Some youth have been provided with funds through programmes such as the Youth Venture Fund, Youth Livelihood Fund and Women’s Entrepreneurship Fund.
However, assisting them to get markets for their produce means that they cannot market what they produce.
If findings of a study, “Lost opportunity? Gaps in youth policy and programming in Uganda” conducted by ActionAid and published in 2012 are anything to go by, Uganda, with a youth unemployment figure of 62 per cent, is the highest in Africa.
It is, however, important to note that the figure was 18 percentage points below the 80 per cent quoted by the Netherlands-based nonprofit international development organisation, Smart Development Works and 21 percentage points below the 83 per cent quoted by the AfDB.
The official position
The Commissioner for Youths in the Ministry of Gender, Labour and Social Development, Mr Mondo Kyateka, told Daily Monitor on Monday that nothing has been done in the direction of assisting youth-led enterprises to break into the market or help them to grow. “We have not yet developed any policy that could led to the establishment of such an incentives regime. It (policy) has never been put in place, but it is something that we can follow up with the people in charge of the manifesto and see how best it can be done,” Mr Kyateka said in a telephone interview.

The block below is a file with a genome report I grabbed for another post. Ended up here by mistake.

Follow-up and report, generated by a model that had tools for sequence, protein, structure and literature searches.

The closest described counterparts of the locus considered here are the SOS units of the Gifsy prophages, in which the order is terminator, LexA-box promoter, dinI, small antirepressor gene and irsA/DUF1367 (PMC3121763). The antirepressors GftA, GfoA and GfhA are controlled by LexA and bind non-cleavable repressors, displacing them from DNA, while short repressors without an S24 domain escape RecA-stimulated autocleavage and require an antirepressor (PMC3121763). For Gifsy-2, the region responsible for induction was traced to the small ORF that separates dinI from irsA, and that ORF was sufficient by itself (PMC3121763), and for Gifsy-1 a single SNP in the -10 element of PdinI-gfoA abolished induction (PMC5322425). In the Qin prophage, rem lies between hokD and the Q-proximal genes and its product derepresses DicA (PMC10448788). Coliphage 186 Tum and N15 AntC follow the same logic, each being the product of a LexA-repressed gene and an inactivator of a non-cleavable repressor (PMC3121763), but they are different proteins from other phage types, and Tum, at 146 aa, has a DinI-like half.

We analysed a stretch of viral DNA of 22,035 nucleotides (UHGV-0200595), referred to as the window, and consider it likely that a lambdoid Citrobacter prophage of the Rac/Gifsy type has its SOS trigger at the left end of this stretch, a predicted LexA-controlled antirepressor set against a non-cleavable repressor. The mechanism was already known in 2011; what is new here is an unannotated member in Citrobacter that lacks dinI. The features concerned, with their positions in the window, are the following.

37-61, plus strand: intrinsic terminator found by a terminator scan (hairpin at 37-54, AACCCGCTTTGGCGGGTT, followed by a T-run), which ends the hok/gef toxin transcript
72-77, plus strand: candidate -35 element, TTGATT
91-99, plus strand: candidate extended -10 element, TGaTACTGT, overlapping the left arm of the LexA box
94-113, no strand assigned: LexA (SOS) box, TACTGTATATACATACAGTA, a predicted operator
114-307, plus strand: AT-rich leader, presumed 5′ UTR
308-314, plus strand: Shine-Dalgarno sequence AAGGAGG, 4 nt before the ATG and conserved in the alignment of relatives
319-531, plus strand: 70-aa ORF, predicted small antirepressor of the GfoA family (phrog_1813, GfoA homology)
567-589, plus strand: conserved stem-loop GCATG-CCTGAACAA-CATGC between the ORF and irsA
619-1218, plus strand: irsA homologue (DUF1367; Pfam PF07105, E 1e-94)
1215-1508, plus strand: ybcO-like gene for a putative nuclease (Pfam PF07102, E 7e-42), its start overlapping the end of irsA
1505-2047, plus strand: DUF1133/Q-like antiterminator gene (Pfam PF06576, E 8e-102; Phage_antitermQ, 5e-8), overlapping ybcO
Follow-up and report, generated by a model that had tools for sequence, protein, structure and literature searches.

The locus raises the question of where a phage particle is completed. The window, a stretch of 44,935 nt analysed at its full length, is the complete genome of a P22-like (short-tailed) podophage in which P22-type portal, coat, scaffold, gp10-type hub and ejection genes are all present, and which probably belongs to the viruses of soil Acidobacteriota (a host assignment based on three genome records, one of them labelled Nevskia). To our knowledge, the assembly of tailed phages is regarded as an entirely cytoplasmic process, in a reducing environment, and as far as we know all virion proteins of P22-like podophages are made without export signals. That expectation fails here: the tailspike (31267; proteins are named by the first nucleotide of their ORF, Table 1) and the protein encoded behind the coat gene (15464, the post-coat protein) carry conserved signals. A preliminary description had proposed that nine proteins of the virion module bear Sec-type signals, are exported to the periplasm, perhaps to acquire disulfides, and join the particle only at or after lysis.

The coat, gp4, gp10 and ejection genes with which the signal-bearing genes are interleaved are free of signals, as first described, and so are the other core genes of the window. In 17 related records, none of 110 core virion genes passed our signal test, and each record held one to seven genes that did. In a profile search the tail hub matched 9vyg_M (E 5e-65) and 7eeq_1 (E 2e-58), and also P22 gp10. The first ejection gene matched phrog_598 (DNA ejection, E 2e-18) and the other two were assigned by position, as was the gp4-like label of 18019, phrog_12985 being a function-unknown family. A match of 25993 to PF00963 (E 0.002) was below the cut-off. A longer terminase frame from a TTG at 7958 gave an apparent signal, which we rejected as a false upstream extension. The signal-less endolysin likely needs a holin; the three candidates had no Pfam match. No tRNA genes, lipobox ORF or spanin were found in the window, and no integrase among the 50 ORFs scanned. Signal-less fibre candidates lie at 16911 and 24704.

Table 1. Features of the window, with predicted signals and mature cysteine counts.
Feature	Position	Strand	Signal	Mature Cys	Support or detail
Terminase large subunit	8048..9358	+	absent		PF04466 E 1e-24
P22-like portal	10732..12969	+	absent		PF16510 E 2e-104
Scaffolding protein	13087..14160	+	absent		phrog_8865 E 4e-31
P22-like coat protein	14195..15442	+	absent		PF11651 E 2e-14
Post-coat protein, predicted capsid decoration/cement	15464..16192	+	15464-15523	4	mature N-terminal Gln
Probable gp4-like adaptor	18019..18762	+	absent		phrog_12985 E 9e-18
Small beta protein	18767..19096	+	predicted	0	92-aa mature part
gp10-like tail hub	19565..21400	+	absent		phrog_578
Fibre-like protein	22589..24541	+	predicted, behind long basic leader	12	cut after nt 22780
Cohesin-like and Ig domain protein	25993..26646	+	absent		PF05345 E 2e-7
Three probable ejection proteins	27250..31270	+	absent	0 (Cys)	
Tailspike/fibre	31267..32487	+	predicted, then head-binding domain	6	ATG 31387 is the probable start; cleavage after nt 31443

One of Uganda’s biggest failures of our time has been in the area of providing support to indigenous businesses to grow them so that they are able to create jobs and pay taxes to fund other development activities.
Government has been borrowing big in order to fund the development of infrastructure to reduce the cost of doing business and positioning Uganda as a favourable investment destination. While this is appreciated, we need to do much more, especially in forming affirmative action to help local businesses grow.
South Africa has through its Black Economic Empowerment (BEE) done a great job of giving its black citizens economic privileges that were only the preserve of the white citizens during the Apartheid era. Through BEE Africans have access, to among others, skills development, social economic development and preferential procurement. It might be good for us to look in that direction. That is why we think that the idea of supporting the youth to help them grow their businesses was a great idea that still needs to be implemented.
However, even as we work towards that, there is a need to look at the electricity tariffs and the many taxes that are stifling economic growth.